5 Page 5 of 13 The certificate should be sent by first class mail to the individual's last known address. If a dependent's last known address is different from that of the participant, a separate certificate must be sent to that dependent's address. What Is the Effective Date of the Certification Requirement? The certification requirement is effective June 1, 1997, but it applies to anyone who lost coverage on or after July 1, The level of immediate work imposed on plan sponsors relating to the certification requirement depends on when the individual lost coverage: July 1, 1996 through September 30, 1996: If the individual lost coverage between July 1, 1996 and September 30, 1996, the employer or insurer is not required to provide any information to the individual on its own initiative. However, if the individual requests a certificate, it must be furnished. October 1, 1996 through May 31, 1997: If the individual lost coverage between October 1, 1996 and May 31, 1997, the employer or insurer must provide a certificate to this individual regardless of whether the individual requests it. This certificate (or the optional notice described below) must generally be provided on or before June 1, Optional Notice The obligation to provide a certificate to individuals who lost coverage between October 1, 1996 and May 31, 1997 can be satisfied by providing those individuals with a notice informing them of their right to obtain a certificate of prior coverage. Employers and insurers will likely find it easier to send the notice to this group and generate certificates only for those individuals who affirmatively request them. Individuals to whom the notice should be sent are: Individuals who had a COBRA qualifying event during this period (apparently regardless of whether they are still covered under the group health plan due to COBRA coverage); Individuals who otherwise lost coverage during this
6 Page 6 of 13 period (e.g., either waived existing coverage or were dropped from coverage during open enrollment); and Individuals whose COBRA coverage expired during this period. As with the certificate, this notice generally must be sent to each individual's last known address on or before June 1, There are, however, later deadlines under limited circumstances. For example, if a participant has a qualifying event in late May 1997, and the deadline for providing the COBRA notice is in early June, then the deadline for providing this notice is that early June date. Page 10 of this Bulletin contains a copy of the model notice that was included in the preamble to these HIPAA regulations. As with the model certification, employers and insurers are not required to use this model notice. However, any customized notice must include information substantially similar to the information included in the model notice. THE SCOPE OF PERMISSIBLE PREEXISTING CONDITION EXCLUSIONS Plans may continue to apply preexisting condition exclusions, but they will be constrained in doing so. In the first place, such an exclusion can only apply to a preexisting condition as defined under HIPAA, which is a condition (whether physical or mental, and regardless of its cause) for which medical advice, diagnosis, care, or treatment was actually recommended or actually received within the 6-month period ending on the individual's "enrollment date" (i.e., the earlier of the first day of coverage or the first day of any waiting period). Next, such an exclusion cannot extend for more than 12 months (18 months for late enrollees) after a plan's enrollment date. Finally, the preexisting condition exclusion period must be reduced by the individual's days of creditable coverage as of the enrollment date. What Is Creditable Coverage? Creditable coverage is any type of health coverage under a group health plan, an individual policy, Medicare, or Medicaid. It does not, however, include coverage consisting solely of excepted benefits, which are defined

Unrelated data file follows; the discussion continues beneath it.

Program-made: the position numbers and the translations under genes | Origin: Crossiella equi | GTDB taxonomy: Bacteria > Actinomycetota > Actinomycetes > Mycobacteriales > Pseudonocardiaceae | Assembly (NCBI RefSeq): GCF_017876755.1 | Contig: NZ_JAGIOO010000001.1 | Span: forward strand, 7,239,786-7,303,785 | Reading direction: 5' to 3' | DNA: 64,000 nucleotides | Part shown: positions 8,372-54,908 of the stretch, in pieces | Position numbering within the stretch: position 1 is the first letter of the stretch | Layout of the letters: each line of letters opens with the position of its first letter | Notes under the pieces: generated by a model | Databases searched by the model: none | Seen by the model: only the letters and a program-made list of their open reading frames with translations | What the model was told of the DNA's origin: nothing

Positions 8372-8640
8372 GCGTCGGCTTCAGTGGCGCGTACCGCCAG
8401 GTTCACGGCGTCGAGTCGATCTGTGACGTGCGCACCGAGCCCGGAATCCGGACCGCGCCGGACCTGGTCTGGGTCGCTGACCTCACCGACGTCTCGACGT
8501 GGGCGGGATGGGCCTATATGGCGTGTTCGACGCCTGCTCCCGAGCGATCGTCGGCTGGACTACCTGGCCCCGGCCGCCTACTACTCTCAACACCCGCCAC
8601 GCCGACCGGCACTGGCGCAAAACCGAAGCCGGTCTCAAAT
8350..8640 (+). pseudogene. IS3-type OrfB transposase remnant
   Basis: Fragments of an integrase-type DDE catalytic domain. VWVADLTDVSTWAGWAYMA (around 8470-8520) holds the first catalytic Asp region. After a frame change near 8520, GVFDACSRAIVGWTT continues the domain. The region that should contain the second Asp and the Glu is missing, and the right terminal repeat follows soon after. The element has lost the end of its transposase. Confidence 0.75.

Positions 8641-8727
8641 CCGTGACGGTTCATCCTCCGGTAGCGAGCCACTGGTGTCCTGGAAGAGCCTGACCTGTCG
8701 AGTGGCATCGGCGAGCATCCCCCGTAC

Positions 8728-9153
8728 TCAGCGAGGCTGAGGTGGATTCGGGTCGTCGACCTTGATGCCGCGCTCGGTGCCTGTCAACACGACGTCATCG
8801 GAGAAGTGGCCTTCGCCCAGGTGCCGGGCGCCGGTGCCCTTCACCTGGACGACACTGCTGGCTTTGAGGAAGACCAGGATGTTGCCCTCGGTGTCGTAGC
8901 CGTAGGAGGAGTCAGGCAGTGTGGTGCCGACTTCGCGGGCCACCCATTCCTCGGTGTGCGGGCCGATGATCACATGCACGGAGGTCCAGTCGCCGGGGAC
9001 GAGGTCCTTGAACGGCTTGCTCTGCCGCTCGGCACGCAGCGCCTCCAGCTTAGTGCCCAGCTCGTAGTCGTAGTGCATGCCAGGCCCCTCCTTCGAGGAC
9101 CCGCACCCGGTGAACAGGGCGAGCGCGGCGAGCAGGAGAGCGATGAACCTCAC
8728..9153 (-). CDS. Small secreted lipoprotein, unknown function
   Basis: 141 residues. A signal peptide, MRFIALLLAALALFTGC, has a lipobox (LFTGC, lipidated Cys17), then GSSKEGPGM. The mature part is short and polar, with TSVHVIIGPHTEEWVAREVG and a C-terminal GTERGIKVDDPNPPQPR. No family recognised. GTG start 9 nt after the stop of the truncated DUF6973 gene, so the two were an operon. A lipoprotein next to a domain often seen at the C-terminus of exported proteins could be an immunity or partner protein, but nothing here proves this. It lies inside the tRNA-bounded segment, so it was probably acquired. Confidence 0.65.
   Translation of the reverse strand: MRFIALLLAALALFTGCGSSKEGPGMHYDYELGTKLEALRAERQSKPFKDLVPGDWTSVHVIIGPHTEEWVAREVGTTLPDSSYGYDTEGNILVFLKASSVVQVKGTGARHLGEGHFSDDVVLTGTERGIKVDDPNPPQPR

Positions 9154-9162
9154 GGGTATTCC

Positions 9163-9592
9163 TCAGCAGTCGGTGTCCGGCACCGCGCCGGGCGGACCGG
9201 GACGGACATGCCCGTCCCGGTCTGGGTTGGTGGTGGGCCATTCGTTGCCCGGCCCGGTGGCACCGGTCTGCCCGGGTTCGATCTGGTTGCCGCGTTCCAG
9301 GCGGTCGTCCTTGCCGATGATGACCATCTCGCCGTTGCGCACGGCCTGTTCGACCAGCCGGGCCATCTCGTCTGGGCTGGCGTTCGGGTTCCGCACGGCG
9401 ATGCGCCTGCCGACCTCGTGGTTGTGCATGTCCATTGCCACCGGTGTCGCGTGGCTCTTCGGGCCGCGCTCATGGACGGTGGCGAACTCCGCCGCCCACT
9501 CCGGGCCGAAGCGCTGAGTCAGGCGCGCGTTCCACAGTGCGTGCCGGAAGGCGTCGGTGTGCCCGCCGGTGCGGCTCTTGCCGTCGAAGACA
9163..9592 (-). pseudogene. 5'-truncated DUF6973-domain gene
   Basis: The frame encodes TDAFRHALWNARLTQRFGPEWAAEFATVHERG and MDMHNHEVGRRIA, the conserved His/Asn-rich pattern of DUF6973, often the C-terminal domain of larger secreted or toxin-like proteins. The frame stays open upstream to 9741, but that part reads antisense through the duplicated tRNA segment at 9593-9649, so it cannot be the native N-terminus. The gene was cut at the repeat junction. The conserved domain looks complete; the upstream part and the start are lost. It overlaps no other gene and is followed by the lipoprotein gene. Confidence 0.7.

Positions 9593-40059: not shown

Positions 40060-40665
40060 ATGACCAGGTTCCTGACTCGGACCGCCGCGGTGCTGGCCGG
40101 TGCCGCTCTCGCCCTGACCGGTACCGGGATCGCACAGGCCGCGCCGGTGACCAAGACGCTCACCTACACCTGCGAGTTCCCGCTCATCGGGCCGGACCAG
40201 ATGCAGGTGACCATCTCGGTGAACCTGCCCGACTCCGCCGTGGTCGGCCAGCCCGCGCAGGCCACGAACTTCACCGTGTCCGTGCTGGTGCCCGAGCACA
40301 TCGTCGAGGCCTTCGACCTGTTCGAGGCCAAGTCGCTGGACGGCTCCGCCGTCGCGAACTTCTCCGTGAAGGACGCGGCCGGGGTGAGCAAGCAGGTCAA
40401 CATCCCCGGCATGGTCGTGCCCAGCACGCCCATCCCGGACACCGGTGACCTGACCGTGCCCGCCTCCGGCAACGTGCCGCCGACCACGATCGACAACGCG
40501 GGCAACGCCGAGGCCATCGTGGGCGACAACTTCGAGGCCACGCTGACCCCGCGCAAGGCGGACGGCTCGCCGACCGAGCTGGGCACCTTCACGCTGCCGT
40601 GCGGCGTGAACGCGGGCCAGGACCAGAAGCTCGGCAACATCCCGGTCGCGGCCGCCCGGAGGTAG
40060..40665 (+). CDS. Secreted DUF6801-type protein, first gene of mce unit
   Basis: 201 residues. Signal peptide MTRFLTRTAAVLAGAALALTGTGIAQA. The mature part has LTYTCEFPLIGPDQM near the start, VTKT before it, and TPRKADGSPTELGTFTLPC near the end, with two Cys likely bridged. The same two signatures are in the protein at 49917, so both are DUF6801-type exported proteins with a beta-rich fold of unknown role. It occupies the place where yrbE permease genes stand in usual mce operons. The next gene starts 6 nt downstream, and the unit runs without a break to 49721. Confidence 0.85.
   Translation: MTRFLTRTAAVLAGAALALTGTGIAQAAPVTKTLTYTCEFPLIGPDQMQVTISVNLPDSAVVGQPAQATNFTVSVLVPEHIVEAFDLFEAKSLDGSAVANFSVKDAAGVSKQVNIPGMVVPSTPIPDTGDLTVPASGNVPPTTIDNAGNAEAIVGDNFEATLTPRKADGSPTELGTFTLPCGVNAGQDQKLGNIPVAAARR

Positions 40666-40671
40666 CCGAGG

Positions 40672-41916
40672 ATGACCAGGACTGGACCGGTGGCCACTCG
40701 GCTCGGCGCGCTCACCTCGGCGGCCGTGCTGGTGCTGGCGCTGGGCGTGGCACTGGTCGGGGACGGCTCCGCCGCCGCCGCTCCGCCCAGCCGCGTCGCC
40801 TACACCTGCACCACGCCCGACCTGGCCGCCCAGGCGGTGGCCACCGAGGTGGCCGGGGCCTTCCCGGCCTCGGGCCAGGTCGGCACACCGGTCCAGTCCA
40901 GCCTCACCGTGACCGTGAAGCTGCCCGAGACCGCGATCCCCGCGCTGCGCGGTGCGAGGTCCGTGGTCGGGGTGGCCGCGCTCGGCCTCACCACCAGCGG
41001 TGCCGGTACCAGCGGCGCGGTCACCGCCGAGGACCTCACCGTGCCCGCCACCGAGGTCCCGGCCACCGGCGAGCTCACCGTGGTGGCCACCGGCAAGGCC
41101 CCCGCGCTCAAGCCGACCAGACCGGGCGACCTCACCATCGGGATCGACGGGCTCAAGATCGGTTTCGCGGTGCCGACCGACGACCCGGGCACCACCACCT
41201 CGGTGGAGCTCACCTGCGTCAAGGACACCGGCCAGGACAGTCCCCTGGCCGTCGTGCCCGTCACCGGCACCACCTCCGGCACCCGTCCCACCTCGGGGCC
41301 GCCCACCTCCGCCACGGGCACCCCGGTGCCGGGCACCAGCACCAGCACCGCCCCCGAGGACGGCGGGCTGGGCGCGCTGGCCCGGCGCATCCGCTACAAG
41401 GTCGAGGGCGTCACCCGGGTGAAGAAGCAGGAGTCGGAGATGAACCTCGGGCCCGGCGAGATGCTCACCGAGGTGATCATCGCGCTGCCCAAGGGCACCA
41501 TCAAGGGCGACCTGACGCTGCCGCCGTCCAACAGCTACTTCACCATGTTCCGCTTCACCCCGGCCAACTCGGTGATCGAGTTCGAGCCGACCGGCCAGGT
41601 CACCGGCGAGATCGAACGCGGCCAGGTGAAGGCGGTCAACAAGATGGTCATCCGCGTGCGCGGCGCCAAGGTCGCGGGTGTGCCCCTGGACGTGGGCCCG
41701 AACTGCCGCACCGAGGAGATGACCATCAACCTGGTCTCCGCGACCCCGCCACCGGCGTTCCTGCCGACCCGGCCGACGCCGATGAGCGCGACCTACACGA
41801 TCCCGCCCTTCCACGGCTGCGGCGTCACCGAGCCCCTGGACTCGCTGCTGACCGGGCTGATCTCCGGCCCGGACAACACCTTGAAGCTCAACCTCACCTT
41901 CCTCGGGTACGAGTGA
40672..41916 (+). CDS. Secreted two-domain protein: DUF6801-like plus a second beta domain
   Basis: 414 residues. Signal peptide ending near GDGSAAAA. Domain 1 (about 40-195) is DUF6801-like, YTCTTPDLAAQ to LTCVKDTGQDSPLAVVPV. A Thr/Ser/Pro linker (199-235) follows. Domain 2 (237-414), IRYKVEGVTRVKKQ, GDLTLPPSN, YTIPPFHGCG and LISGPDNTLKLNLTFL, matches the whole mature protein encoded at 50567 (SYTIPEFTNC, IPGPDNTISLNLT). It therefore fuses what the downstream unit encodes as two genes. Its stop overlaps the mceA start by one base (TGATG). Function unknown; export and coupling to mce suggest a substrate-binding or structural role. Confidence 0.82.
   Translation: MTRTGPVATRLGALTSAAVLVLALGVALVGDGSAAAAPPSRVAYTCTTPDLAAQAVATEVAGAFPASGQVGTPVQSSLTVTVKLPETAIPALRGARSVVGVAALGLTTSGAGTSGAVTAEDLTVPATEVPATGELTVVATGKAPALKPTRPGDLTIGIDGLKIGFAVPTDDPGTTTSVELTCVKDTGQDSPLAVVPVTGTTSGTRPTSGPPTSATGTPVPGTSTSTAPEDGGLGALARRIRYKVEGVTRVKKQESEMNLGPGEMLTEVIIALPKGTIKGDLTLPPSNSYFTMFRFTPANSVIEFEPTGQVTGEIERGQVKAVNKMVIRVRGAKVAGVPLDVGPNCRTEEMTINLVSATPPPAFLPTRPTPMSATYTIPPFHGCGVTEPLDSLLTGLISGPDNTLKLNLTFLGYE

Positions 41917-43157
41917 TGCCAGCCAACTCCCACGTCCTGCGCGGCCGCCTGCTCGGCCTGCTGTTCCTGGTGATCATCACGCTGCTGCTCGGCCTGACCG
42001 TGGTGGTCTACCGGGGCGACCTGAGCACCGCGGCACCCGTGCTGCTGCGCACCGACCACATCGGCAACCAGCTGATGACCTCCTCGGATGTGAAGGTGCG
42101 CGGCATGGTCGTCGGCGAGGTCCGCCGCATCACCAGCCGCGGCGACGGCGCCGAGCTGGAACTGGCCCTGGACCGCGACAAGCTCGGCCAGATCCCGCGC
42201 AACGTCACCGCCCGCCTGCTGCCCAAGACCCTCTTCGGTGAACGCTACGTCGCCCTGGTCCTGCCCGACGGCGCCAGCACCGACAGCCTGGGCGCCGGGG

7 Page 7 of 13 as coverage for accidents (e.g., AD&D policies), disability, general liability insurance, supplemental liability insurance, workers' compensation, automobile medical payment insurance, credit only insurance (e.g., mortgage insurance), and coverage for on-site medical clinics. Counting Creditable Coverage A plan can count creditable coverage using either the "standard" method of calculation or the "alternative" method of calculation. Standard Method. Under the standard method, the plan counts credited service by counting all days on which the individual has one or more types of creditable coverage. Alternative Method. Under the alternative method, the plan determines the amount of an individual's creditable coverage for one or more of five identified categories of benefits. Those categories are: mental health; substance abuse treatment; prescription drugs; dental care; and vision care. A plan may use the alternative method for any or all of the categories and may apply a different preexisting condition exclusion period with respect to each category. However, if a plan uses the alternative method, it must issue disclosure statements to participants indicating that this alternative method is being used, and this disclosure must be given to enrollees at the time of enrollment. SPECIAL ENROLLMENT DATES Most plans require employees and their dependents to enroll for coverage either when they first become eligible to enroll (e.g., at the beginning of their employment or when they first become dependents) or at an annual open enrollment period. HIPAA has added a requirement that a